Edit: Note that I ran 60/40 here. Similar AAs are statistically indistinguishable (error bars all overlapped).
AA --- Success Rate
50/50 -> 70.1 ± 1.4%
60/40 -> 69.9 ± 1.5%
70/30 -> 71.8 ± 1.4%

Image
Last edited by bonesly on Sun Feb 11, 2024 6:18 pm, edited 1 time in total.
KlangFool
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Re: Retiring at 60. Will I go bust before 80?

Post by KlangFool »

OP,

1) Yes, you will not reach 80 years old if you do not cut your annual expense.

2) What is your gross income?

3) What is your current annual savings/investment?

4) What is your current annual expense?

"I anticipate after retirement expenses of about $2200/month"

5) This number is not realistic at all given your portfolio size, annual income, and actual savings.

6) Your real annual expense is significantly higher than that as per my estimate

7) How much of that can you cut?

8) What is your rent and/or mortgage payment?

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skipper
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Re: Retiring at 60. Will I go bust before 80?

Post by skipper »

@bonesly's revelation made me want to look again also. I thought I would have more fun with tighter estimates. Last time, I played fast and loose with your starting portfolio, not fully accounting for your 2-year bridge withdrawals. This time, I calculated your portfolio balance after 2 years using @longinvest's WAG numbers of 2% inflation and 5% stock, 1.9% bond returns (maybe conservative, maybe not). With your current 87/13 AA, that gives you a nominal of 4.6% return and a 0.048% ER. With you contributing $7500/year for two more years, then withdrawing $1800/month for two years, I get a portfolio balance of $159,477 to start your retirement with the following inputs:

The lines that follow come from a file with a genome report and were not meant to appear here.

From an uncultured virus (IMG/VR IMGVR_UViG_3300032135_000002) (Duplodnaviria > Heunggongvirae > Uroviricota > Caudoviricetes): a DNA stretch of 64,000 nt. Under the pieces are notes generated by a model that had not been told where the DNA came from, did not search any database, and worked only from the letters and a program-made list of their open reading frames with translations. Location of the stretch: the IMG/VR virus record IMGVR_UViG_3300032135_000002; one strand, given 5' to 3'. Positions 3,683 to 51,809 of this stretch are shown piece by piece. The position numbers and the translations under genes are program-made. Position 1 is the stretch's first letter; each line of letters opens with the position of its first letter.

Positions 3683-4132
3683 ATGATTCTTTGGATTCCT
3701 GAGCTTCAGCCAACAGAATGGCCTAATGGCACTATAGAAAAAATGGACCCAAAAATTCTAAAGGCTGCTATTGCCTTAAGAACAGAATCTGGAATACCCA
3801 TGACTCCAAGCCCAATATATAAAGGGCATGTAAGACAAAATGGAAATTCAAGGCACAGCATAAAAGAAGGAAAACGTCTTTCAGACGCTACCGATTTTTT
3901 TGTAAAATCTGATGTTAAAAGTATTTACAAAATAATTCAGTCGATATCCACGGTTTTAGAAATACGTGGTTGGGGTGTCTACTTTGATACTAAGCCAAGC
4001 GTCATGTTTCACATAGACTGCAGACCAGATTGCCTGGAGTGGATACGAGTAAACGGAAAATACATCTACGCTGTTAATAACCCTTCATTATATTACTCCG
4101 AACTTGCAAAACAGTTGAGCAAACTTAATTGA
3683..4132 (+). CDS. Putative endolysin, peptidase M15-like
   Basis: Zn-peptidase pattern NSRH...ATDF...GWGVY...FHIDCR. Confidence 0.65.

• 20 year outlook
  • $2200/month expenses (starting at 60)
  • $1100/month SS (starting at 62)
  • $400/month pension (non-COLA starting at 60)
  • portfolio adjusted/rebalanced to 70/30
  • new ER of 0.05%
This results in a more encouraging, but no less questionable, success rate of 91.7% using the historical data. If I have you retire at 62 so there's no bridge and two more years of contributions, I get a starting portfolio of $220,316 and a 100% success rate for 18 years (retiring two years later). There's cushion, but not much.

Now the bad news. FIRECalc lets me model your staggered situation of working two more years, taking a pension for two years, then adding SS two years after that. Taking all of the above and letting FC do all the lifting, I get pretty much the same answer I did the first time: 75.9% success rate. The reason is my two runs above assume you WILL get the stated returns in the first four years before SS; FC lumps those four years into the simulation, which I think is a more reasonable assumption. I would still be concerned about variable/increasing expenses over time and the threat of unfavorable SORR (sequence of returns risk) with 1/3 of your expenses coming from the portfolio. Good luck with your retirement planning. :beer
Last edited by skipper on Sun Feb 11, 2024 9:33 pm, edited 3 times in total.
by Hyperchicken » Tue Feb 13, 2024 2:28 pm | | ... Dang. That rat and pellet thing is pretty depressing. | Guess I better get back to work.
Topic Author
Oxymora
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Re: Retiring at 60. Will I go bust before 80?

Post by Oxymora »

Thank you everyone for your comments!
Sounds like I need to work longer, reduce expenses, or some combination of those.

Plan B is to take up base jumping without a parachute in my late 70s ; )
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skipper
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Re: Retiring at 60. Will I go bust before 80?

Post by skipper »

Oxymora wrote: Sun Feb 11, 2024 9:21 pm Thank you everyone for your comments!
Sounds like I need to work longer, reduce expenses, or some combination of those.

Plan B is to take up base jumping without a parachute in my late 70s ; )
See above or below; my latest full FC simulation suggests early 70s! :beer

https://firecalc.com/index.php?wdamt=26 ... rsion=3.0&
by Hyperchicken » Tue Feb 13, 2024 2:28 pm | | ... Dang. That rat and pellet thing is pretty depressing. | Guess I better get back to work.
delamer
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Re: Retiring at 60. Will I go bust before 80?

Post by delamer »

skipper wrote: Sun Feb 11, 2024 12:33 pm I use FIRECalc to answer my own pass/fail scenarios; for yours, I get only 77% success rate for age 80. If it were me, I would make adjustments to my plan so that this is 100%. If you work two more years until your SS@62 kicks in, then that changes to 100% success rate because you're adding more to portfolio before drawing and not having to bridge the SS gap. Not saying this is the gospel; one needs more thorough analysis and planning, but just to answer the thought question, it's my favorite.